Anyway, this is all a long-winded and snooty way to say that I think we both miss the era when we knew less about games, so we thought it was fun to add some supplemental material that evoked that mysterious quality and those really kind of haphazard translations and explanations that almost never explained anything. The idea of the game as a prototype was just because it seemed like fun to give it that kind of mystique. Our real-life credits are right there on the website, so there was a limit to how far we’d take it – it was supposed to be an homage, not a hoax.

Hoey: If money and time were no object, I think I’d have printed the whole manual and made the real cartridges and just hidden them around at flea markets and let the world slowly discover them.  But I definitely wanted to put it in the context of a real game as best I could.  It’s in flash, and there are inaccuracies, so it wasn’t a conceit I was going to really defend tooth and nail.  I wanted to just set the scene and let people take it or leave it.

Rumpus: What’s next for you both? Any plans for making 8-bit versions of other literary classics?

Smith: No more lit adaptations, I think. I could just see it becoming a shtick really quickly.

Hoey: Definitely more games, but probably no more 8-bit literary action-platformers.

Rumpus: Tom Bissell and many writers are calling for games to take the next step forward narratively and begin to approach the type of mature storytelling we expect from movies and someday even books. Do you think this is ever going to happen? Do you think it even should happen?

Smith: Hmm… see, this is going to read like grumpy contrarianism, but I want games to take a step backward narratively. Every medium has its own specific strengths and weaknesses, and I think games won’t mature until people realize that their strengths are very different from the strengths of the movies they’re constantly trying to emulate. What if every album had to be a concept album, with intrusive spoken-word segments cutting in to tell the story? (I mean, I love Rush, but give me Moving Pictures over 2112… god, nerdiness.)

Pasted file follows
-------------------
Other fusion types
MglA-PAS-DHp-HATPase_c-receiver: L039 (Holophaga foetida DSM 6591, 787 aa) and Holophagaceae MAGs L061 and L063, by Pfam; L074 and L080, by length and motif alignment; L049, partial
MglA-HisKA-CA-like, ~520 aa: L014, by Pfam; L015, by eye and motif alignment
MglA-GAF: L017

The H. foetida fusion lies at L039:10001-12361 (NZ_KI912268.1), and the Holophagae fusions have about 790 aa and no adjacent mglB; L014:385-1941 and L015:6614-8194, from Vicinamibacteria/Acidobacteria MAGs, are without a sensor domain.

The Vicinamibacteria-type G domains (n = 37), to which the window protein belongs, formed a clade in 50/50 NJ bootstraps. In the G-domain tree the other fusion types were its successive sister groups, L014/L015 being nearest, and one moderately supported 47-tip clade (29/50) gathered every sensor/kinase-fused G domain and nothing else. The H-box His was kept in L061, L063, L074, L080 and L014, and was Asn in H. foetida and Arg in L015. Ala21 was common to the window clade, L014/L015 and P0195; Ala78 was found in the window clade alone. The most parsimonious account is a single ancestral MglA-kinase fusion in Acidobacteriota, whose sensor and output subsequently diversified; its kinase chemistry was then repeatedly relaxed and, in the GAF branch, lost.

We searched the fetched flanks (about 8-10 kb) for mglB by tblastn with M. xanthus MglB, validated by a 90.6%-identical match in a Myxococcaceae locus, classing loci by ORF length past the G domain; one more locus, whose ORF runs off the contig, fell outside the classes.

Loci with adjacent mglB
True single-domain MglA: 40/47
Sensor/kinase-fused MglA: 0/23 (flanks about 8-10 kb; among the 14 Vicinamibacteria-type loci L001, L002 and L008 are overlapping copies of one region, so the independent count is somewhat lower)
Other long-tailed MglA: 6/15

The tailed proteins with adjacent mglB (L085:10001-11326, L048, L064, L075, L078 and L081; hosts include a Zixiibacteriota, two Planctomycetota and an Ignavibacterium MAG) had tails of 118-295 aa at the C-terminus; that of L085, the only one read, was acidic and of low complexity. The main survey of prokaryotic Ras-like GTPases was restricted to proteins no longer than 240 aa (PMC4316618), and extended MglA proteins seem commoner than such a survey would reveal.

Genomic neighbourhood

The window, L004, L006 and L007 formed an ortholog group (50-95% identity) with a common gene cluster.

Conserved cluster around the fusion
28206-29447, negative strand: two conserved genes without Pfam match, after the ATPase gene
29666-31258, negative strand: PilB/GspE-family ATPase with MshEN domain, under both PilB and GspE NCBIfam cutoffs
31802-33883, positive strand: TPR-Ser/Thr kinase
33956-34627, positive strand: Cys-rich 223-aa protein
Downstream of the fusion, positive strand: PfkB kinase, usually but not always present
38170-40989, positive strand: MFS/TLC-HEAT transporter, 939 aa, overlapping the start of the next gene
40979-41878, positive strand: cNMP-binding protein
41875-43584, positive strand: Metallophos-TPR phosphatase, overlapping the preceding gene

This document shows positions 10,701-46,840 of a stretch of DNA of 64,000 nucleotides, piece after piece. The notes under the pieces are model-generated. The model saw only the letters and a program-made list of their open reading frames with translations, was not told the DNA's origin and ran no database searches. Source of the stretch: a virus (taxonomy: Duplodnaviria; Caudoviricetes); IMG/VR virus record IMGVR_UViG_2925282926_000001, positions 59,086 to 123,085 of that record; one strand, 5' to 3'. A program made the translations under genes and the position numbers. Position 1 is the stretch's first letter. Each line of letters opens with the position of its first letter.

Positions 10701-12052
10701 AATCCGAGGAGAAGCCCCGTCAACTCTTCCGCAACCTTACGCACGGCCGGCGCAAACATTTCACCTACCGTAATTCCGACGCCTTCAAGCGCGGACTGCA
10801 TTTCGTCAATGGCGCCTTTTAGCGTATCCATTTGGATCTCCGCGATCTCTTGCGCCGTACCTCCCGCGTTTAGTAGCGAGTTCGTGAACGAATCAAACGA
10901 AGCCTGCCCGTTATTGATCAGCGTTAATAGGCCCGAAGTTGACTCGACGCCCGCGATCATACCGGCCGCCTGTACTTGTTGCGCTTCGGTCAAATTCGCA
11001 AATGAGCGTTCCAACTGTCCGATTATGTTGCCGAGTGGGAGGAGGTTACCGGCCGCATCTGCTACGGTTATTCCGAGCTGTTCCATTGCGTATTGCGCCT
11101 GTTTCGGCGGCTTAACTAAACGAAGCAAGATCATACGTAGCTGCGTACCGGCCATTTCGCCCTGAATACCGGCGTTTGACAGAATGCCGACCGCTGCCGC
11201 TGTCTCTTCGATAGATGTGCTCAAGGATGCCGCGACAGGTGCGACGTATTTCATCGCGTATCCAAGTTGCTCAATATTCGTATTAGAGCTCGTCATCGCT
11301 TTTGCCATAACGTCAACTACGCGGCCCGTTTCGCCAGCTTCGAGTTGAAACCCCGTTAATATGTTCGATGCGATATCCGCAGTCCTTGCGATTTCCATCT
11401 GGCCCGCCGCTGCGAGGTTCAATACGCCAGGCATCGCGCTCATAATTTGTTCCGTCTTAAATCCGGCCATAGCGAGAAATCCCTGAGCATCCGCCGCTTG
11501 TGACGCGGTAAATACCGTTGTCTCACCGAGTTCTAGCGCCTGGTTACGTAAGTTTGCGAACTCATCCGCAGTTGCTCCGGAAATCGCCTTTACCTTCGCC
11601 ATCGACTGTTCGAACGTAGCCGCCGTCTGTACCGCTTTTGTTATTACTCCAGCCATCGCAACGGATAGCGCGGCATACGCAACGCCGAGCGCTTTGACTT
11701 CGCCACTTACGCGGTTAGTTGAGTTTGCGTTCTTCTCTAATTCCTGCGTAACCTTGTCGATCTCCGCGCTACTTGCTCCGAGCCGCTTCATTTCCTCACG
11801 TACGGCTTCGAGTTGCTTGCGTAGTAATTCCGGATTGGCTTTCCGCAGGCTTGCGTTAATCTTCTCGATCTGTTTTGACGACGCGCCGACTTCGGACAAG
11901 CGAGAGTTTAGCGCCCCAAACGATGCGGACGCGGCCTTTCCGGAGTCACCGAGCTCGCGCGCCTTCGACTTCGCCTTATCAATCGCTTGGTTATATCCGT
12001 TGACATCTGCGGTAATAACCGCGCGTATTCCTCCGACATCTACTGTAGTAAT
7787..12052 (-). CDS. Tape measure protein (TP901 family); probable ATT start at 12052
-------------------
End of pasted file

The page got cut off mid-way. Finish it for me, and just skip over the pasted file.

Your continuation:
That’s not to say that games can’t tell stories well, but they usually don’t. I love the emotional payoff of Chrono Trigger, but a lot more games frame “mature” storytelling in terms of, you know, “Guide Xorgon the cursed mutant as he makes moral decisions about whether to kill the weak and feast on their delicious innards. For experience points!” When Roger Ebert sends out his annual provocation about how no games tell a story as good as The Brothers Karamazov, I both feel like he has a point and that he’s barking up the wrong tree. To me, great games are closer to art installations than to movies or books. They’re kinetic sculptures about color, space, and mood. The story told by the original Metroid – leaving out the manual, just talking about the game itself – wouldn’t satisfy a ten-year-old, but the game world you get to explore is this beautiful, sprawling Lovecraftian nightmare. The story is just enough to serve that sense of place. I’m seriously contemplating hanging a big print of this on my wall:

Incidentally, feel free to inform your lady readers that yes, I am available.

But to finish the point, I think part of the joke of the Gatsby game is just how inappropriate it is, how nonsensical the book’s story is when reduced to the vocabulary of a NES game. Although I will say that I think some of the melancholia of the book crept into the last stage and the ending, ridiculous as it is. The book is so beautiful it was hard not to be sincere about it in the end. There’s a secret ending if you get through the game without dying that tries to capture some more of that wistful tone. One of the nicest compliments we got was from my friend John, who’s a games journalist – he got to the green light at the end of stage 4 and was like, “You know, against all odds, you actually managed to end this in a tonally appropriate way.” I thought that was really sweet.

Hoey: I think there’s definitely room to grow for video games.  Seems the quick way out is through a really rigid, linear narrative and cut scenes and big name voice actors and things like that.  It’s just making a movie with some interactive elements at a certain point, and it definitely sells and people love it.  For my money, I prefer when better graphics lead to games like Portal that are pretty subtle about their storytelling, and give you those moments when you lean back from the screen after a while and realize you really were somewhere else for a minute.  I also really like Fallout 3‘s style, sort of a blend of new and old with some fixed narrative strands but no set sequence or real required path.  Just a huge awesome world to run around in.  I prefer immersive environments and game mechanics to storytelling, but that’s not to say it couldn’t get better. I don’t think people are really holding their breath for it, though.  Games already do a lot of things well, and the best ones aren’t left wanting for a better story.

Rumpus: One of my students is behind the Waiting for Godot game and he got a cease and desist letter from the Estate of Samuel Beckett. Have you heard anything about the legality of the Gatsby game?

Smith: Your extremely long-winded interviewee is finally going to shut up here. Um, back to you, Charlie.

Hoey:  We haven’t heard anything so far.  We both really do love the book. I hope it shows through clearly as a loving tribute.

Salvatore Pane is a writer based in Pittsburgh, PA. His fiction has been nominated for the Pushcart Prize and has appeared, or is forthcoming, in Quick Fiction, Weave, We Are Champion, Corium Magazine and others. His debut graphic novel, The Black List, will see publication later this year from Arcana Comics. He blogs at More from this author →